We hope to have a flipping great day

Sean O’Sullivan, Dragon’s Den

Will you make pancakes today?

The term, Pancake Tuesday, is entirely alien to me. In the US, we called it Fat Tuesday. People fatten up before Lent — the last splurge. I have no childhood recollection of Shrove Tuesday. We didn’t make pancakes.

Any childhood memories of Lent?

There was always some new commitment to make. Lent was about self-discipline — mostly trying to have more discipline doing homework. Mom was very focused on making sure everyone was moving ahead at school. As I got older, I’d give up alcohol for Lent. It was a kind of mini-resolution — you’d have your New Year resolution but it was so much easier to keep a resolution for 40 days.

Do you observe Lent today?

I usually try. Over the last few years I’ve given up some fairly major things — alcohol and coffee. These are things I’d typically give up for Lent so my Lenten resolution will be to exercise four days a week. I relate Lent to the religious themes of sacrifice, clarity and cleansing of the soul. Studies on fasting show it benefits us mentally, helping us keep our edge as we age.

John Spillane, musician

Will you make pancakes today?

My wife or I will make them – some years we’ve let it slip. I have great memories of Pancake Tuesday. It was always a brilliant surprise. My mother would make loads of pancakes with sugar and lemon — we never thought there was any other kind. It was the only time we had lemon in the house. My brother and I got the recipe when I was about 14. If something so wonderful could be done on Shrove Tuesday, couldn’t it be done anytime? We went on quite a craze where we binged on pancakes.

Any childhood memories of Lent?

We’d give up things — well, we did and we didn’t. A lot of messing went on. The real giving up only ever happened once or twice.

Do you observe Lent today?

I don’t. I’m a very lapsed Catholic. Sometimes, walking through town on Ash Wednesday, I see all these fellows with ashes on their foreheads — the Church still has some power. It’s a reminder of the old days. Fasting’s probably a good thing but to each their own. I find religion scary and dangerous.

Sinead Kennedy, TV presenter

Will you make pancakes today?

Absolutely. Growing up, pancakes were part of our staple diet — Mom made them every weekend so it wasn’t a special treat on Pancake Tuesday. On that day, it just meant we were able to have pancakes instead of dinner. I like them smeared in chocolate, with sugar and butter, no lemon.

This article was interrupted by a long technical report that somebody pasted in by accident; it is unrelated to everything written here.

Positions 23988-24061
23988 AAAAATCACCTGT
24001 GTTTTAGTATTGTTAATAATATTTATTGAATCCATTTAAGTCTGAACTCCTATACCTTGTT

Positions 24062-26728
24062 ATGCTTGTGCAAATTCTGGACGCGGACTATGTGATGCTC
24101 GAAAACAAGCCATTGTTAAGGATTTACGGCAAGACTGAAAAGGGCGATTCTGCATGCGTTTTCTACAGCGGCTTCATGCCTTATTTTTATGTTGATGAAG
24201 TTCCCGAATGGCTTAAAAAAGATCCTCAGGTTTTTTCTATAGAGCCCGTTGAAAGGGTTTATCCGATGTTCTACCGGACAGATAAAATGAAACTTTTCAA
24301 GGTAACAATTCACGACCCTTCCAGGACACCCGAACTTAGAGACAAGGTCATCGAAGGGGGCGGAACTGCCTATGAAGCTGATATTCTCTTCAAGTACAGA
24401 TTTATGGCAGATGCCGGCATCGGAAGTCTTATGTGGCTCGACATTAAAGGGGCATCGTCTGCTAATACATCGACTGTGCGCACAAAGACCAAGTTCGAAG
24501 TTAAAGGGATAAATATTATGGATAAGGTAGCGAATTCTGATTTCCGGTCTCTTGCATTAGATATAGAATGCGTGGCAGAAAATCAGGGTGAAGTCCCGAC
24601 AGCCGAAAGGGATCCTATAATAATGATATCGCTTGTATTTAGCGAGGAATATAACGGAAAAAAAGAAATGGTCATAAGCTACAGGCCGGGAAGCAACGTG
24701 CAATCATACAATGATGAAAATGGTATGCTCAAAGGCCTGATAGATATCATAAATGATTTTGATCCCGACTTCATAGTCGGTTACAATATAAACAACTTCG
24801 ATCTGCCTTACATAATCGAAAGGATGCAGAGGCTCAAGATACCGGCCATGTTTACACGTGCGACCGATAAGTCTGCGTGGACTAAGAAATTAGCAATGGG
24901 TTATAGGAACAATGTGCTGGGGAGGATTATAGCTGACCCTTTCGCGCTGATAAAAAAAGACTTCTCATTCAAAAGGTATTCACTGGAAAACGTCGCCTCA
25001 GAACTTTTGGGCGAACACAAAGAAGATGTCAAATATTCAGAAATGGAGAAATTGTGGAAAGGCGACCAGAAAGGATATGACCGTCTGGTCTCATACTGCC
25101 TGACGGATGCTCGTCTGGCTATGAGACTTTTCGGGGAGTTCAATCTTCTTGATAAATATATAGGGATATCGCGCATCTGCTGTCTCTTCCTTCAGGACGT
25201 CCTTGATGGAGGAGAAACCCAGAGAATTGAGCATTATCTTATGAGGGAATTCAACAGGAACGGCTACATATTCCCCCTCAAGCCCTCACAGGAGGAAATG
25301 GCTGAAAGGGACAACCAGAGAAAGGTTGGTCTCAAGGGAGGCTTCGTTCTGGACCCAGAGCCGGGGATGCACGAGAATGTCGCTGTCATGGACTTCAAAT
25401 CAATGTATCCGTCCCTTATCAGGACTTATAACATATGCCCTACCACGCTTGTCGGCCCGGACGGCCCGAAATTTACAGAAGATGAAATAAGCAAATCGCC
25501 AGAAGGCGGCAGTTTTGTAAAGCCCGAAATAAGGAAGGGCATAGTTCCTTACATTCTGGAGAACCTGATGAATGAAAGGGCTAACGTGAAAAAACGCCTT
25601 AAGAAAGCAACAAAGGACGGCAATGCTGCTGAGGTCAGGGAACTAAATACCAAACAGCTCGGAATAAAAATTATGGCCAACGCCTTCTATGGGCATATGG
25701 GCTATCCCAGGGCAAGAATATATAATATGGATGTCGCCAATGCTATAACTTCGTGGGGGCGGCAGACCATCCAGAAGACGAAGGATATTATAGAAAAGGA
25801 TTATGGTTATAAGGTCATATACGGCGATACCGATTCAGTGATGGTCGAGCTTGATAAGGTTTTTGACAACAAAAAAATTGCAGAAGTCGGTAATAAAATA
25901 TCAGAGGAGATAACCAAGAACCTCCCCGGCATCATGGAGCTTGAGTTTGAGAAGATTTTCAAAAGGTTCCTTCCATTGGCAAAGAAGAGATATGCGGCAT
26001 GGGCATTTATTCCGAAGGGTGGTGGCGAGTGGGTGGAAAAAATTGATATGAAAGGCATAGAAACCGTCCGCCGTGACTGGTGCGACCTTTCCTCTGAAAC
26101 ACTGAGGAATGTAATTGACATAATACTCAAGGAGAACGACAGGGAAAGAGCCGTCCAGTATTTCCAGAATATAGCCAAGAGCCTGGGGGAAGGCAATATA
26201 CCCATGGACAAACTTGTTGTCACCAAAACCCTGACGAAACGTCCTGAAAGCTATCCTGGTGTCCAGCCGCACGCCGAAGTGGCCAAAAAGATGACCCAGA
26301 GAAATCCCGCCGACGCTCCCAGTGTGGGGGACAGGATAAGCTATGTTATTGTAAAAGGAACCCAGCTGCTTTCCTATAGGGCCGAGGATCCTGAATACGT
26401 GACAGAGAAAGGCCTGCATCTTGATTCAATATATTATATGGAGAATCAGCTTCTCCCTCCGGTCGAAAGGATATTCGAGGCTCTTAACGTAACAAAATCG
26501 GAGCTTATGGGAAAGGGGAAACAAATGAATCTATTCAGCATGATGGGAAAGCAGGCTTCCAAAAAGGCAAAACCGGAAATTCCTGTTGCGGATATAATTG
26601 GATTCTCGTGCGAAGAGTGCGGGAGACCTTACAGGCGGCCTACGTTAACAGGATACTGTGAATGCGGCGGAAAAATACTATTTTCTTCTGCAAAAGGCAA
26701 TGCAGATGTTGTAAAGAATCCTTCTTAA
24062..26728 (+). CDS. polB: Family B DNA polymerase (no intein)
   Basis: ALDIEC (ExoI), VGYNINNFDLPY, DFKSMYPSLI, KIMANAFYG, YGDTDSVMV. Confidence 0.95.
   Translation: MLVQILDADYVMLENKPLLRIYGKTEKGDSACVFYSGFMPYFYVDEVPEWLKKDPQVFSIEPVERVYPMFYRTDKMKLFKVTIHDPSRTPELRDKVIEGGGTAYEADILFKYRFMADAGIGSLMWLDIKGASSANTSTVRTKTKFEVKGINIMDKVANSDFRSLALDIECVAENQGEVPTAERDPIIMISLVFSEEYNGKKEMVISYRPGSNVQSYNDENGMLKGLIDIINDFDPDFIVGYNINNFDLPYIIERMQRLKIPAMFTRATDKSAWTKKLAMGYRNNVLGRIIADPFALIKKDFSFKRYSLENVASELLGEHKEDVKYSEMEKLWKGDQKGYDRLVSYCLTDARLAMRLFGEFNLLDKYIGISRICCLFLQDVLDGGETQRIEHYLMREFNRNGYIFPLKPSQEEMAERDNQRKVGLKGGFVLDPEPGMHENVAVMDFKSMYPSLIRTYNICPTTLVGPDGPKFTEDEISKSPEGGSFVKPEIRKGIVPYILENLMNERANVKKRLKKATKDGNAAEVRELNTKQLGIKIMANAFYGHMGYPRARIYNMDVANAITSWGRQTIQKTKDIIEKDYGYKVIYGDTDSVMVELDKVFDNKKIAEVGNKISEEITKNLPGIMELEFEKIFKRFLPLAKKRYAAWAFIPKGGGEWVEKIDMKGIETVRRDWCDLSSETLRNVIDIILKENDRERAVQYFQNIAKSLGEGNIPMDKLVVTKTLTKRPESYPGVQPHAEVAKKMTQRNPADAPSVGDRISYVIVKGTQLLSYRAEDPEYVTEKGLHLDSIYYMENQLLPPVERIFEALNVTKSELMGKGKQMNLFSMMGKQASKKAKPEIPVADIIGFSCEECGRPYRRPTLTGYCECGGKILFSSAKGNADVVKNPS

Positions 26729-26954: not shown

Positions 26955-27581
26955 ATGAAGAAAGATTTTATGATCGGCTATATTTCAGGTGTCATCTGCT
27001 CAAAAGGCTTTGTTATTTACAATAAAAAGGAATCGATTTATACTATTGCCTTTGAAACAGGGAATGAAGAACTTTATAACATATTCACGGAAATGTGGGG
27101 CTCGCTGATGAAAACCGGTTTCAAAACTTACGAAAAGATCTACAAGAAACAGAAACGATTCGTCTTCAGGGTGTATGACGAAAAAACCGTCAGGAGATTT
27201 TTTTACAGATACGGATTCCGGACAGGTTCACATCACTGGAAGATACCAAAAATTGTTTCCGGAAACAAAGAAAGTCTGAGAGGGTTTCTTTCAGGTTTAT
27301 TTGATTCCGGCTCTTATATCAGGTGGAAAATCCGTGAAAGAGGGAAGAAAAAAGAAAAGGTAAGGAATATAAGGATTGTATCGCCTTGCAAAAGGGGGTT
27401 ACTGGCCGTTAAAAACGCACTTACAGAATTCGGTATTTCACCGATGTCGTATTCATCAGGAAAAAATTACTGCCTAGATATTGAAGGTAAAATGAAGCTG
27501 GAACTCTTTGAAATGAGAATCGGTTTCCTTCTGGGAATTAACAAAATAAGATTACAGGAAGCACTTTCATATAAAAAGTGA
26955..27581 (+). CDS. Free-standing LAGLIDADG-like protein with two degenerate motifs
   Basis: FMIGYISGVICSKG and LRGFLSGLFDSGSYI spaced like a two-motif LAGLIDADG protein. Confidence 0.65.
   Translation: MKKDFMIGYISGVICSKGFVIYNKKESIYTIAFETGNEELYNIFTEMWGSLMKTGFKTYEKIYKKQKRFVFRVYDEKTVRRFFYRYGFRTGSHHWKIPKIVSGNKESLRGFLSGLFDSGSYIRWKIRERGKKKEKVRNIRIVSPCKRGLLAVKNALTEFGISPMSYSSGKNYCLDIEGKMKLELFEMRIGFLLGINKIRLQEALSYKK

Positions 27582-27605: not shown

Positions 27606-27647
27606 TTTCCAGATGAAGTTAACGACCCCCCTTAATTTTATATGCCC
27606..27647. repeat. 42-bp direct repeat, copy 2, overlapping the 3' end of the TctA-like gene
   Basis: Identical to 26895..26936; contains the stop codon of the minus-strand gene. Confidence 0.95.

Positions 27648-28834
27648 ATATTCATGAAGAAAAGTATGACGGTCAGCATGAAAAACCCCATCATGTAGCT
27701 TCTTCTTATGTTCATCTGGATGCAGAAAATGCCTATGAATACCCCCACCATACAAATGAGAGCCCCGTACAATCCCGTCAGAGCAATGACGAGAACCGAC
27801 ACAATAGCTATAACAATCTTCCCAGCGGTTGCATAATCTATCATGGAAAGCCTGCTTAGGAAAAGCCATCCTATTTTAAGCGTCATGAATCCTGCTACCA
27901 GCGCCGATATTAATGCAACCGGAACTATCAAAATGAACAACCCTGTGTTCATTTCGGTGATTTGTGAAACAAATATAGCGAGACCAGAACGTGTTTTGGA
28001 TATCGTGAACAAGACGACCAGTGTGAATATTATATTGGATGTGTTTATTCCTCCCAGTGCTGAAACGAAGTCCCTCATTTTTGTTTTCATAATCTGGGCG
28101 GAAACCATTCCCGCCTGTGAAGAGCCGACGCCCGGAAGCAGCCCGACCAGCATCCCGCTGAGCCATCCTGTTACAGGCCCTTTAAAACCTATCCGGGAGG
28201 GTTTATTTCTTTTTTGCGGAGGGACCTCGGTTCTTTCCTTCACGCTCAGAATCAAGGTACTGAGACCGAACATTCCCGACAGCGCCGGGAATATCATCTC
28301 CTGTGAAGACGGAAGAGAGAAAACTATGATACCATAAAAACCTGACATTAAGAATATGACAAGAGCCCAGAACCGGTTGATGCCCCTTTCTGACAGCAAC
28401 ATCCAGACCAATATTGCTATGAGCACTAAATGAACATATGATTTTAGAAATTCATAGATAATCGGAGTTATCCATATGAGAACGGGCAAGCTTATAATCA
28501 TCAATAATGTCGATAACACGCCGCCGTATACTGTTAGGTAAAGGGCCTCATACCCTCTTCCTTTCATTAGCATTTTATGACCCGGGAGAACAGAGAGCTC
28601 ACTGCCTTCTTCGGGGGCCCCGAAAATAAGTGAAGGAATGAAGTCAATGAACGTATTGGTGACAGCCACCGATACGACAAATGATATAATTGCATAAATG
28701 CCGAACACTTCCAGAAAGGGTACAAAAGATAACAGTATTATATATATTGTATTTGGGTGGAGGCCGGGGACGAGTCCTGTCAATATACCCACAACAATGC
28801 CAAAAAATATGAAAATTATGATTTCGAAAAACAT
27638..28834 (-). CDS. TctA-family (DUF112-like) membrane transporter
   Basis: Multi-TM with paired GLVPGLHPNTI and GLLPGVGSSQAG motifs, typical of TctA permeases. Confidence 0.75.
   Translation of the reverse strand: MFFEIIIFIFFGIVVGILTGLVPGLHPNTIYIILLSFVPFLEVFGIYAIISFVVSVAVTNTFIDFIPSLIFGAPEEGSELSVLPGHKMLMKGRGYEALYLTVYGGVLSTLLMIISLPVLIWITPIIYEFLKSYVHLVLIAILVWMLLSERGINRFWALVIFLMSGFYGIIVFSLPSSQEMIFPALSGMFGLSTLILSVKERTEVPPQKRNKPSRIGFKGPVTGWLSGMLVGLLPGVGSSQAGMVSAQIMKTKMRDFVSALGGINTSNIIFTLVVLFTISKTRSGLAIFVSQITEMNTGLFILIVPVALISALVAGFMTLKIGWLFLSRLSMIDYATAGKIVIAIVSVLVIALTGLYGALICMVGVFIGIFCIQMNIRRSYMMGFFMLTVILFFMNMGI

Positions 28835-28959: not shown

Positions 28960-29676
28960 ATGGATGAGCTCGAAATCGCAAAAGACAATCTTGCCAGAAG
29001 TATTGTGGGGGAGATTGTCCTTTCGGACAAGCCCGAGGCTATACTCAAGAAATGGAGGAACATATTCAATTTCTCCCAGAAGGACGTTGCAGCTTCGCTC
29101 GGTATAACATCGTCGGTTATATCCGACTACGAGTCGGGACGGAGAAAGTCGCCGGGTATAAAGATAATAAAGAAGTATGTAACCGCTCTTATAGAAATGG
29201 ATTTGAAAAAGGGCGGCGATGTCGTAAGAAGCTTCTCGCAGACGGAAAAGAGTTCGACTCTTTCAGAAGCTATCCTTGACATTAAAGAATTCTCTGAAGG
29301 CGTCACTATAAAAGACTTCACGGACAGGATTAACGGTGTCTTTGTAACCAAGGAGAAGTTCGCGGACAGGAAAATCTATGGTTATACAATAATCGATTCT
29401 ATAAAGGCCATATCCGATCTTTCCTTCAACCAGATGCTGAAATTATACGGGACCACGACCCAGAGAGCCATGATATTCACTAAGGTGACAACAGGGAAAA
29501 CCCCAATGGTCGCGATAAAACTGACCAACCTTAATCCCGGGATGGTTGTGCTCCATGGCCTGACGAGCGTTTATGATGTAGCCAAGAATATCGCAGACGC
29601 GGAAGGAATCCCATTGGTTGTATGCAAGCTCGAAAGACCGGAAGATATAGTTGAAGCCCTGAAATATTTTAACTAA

Any childhood memories of Lent?

It was quite a big deal around my First Communion — what were you going to give up? It was always sweets. I never kept up Lent though — there was never a hope. You had to pretend.

Do you observe Lent today?

Not at all. I always say I will, that I’ll watch my language or won’t bite my nails, but it’s like new year’s resolutions — you have the best of intentions but never follow through. I have friends who observe Lent. It’s a good excuse for sorting out your diet or cutting out sugar — that it’s only 40 days helps psychologically.

Sean Rocks, radio broadcaster

Will you make pancakes today?

Definitely — with butter, lemon and sugar. I don’t understand why you’d use anything else. Chocolate Nutella! What’s that about? I hated butter as a child — I only ate it on pancakes.

As a child, I’d be sent to the neighbours for the special pancake sieve. There was only one on our street. You’d come in from school and ask, ‘Are we having pancakes?’ My mother would tell us to go into Mrs McElvaney, next door, for the sieve. Mrs McElvaney would say ‘Oh, we’ve just finished with it — it’s gone to Mrs Corrigan’. We’d be sent around the entire street and never get it. We’d go home and my mam would say ‘Oh, we got it while you were out’. To this day, I don’t know whether it was the street’s way of having fun or my mother’s delaying tactic, knowing the sooner she made the pancakes the more we’d eat.

Any childhood memories of Lent?

Getting up as a family to go to early Mass and going off sweets.

Do you observe Lent today?

I have more of a self-denial thing in November. I know I’m going to be having a really nice December, so in November I cut back a little on the vino and hold a few bottles for Christmas.

* Sean Rocks presents Arena, RTÉ Radio 1’s arts/entertainment show (weeknights 7pm–8pm)

Neven Maguire, chef

Will you make pancakes today?

Definitely. This year I’ll make them for my wee twins too. I use a simple pancake batter, vanilla pod and lemon zest. I often make savoury pancakes for my wife Amelda. As a child, we’d get off the school bus and my mother would have the pancakes ready — these thin crepes with loads of icing sugar and butter.

Any childhood memories of Lent?

I always went off sweets. My twin brother and I would get a big box and we’d collect Maltesers, toffees, jellies. We’d keep a big stash for St Patrick’s Day.

Do you observe Lent today?

I do. It’s good to give up something – I still try to give up sweet stuff. During Lent, I get to Mass more regularly. I’m proud to say I have great faith.

© Irish Examiner Ltd. All rights reserved

Related Articles

Irish Examiner' />Majority claim to be physically active

Third of us fail to eat right food portion size

Stack of pancake parties to whip up funds for charity

Cracking day for a pancake

More in this Section

The menu: Enjoy! Food You’ll Love by Sheila Kiely

The Menu: Food for the future

The menu: Fundraiser BBQ at Inchydoney Island Lodge & Spa

The menu: Start-up stalls in the English Market, Cork

You might also like


Memories of Jewtown in Cork recalled in poetry collection

Turn off your phone and go to sleep early tonight - you'll thank yourself tomorrow

MAKING CENTS: Plan ahead before you submit housing plans

Recalling the life of Eileen Gray - the Irish mother of Modernism

More From The Irish Examiner